LEXINGTON, Mass. (
(AGEN - Get Report)
could seek to raise up to $100 million by selling a mix of stock and debt, according to a new shelf registration statement filed with the Securities and Exchange Commission Friday.
Antigenics has been relatively quiet since last November when European regulators turned down the company's application seeking approval of its kidney cancer vaccine Oncophage.
Oncophage was approved in Russia in April 2008, but Antigenics has not been able to sell the drug there because it hasn't yet negotiated reimbursement with the Russian government.
Antigenics sought Oncophage's approval in Europe on the basis of a failed phase III study. For that reason, the company can't file for approval in the U.S.
, Antigenics' CEO Garo Armen said drug regulators in the U.S. and Europe were "too rigid" to approve Oncophage.
As of Sept. 30, 2009, Antigenics had cash totaling $34 million, which the company said was sufficient to last into 2011. Antigenics has not yet reported fourth-quarter results, but the company was expected to burn $25 million in cash in 2009.
The new $100 million shelf filed by Antigenics has not yet been declared effective by the SEC. The company didn't specify how much stock and/or debt it intends to sell, or when.
Antigenics shares were down 8% to 74 cents in recent Monday trading.
Poniard's Cancer Drug Safe but Less Effective
(At 6:14 AM EST)
: Poniard shares are down 23% to $1.99 in recent Monday trading.
said Sunday that its experimental chemotherapy drug picoplatin reduced the severity of nerve damage in patients undergoing treatment for colon cancer, meeting the primary goal of a phase II study.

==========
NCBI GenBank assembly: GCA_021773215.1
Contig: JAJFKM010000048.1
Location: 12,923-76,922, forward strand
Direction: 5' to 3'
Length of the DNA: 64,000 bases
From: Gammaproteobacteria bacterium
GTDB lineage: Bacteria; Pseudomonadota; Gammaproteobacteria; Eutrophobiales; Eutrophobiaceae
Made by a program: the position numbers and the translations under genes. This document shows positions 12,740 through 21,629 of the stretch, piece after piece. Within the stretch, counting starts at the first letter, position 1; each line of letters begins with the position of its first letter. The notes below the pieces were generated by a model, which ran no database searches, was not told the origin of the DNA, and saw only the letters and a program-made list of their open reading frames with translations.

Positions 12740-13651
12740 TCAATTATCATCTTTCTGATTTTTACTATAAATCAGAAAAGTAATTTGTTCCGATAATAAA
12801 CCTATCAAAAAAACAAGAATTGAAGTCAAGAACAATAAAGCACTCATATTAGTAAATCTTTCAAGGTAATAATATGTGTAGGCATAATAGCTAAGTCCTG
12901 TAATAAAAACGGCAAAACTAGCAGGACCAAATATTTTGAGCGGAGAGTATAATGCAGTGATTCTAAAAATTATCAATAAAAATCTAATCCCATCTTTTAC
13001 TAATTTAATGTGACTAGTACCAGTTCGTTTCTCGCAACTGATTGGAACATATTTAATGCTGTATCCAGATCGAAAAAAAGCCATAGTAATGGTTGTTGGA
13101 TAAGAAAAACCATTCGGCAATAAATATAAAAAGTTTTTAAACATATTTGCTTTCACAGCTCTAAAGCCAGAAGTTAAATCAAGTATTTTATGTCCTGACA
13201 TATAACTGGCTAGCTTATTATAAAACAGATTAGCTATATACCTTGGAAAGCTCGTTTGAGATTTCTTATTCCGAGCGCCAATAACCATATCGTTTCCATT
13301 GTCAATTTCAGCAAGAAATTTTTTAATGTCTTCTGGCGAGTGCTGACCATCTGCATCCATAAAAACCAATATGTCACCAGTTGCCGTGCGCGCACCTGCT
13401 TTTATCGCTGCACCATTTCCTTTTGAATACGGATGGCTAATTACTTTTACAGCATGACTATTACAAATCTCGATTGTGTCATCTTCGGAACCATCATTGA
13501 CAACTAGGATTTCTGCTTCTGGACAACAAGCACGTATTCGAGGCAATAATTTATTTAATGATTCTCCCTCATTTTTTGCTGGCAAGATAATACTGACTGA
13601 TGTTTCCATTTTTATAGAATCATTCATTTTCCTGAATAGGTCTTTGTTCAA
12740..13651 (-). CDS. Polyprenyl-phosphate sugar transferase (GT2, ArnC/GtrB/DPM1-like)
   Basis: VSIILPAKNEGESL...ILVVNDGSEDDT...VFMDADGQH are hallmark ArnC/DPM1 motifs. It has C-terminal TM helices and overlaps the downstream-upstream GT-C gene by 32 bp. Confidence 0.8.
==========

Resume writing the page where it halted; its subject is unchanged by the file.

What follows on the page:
And with that, Poniard shares should trade down Monday. I don't know what the stock will actually end up doing, but Poniard shares jumped 22% to $2.61 on extra heavy volume Friday as investors anticipated the picoplatin data.
That screams "sell on the news" to me, especially since nearly all of the data from this phase II study were
last Wednesday, Jan. 20. That left little to be surprised about Sunday for Poniard to disclose.
Picoplatin is a next-generation platinum chemotherapy drug designed to overcome resistance to prior platinum therapy and cause less neuropathy, or nerve toxicity.
Last November, however, picoplatin
failed a phase III study
in small cell lung cancer that was seen as the fastest and best way for the drug to reach the market. Poniard's
stock price plunged
on the negative results.
Sunday's positive safety data in colon cancer -- announced at the American Society of Clinical Oncology's (ASCO) meeting on gastrointestinal cancers -- may give picoplatin a new life (Poniard executives certainly believe so) but the drug's better side effect profile appears to be coming at the expense of efficacy.
Poniard downplayed efficacy results in Sunday's announcement because patients treated with oxaliplatin, the approved chemotherapy drug used as a comparator the study, reported more tumor shrinkage and lived longer than those treated with picoplatin.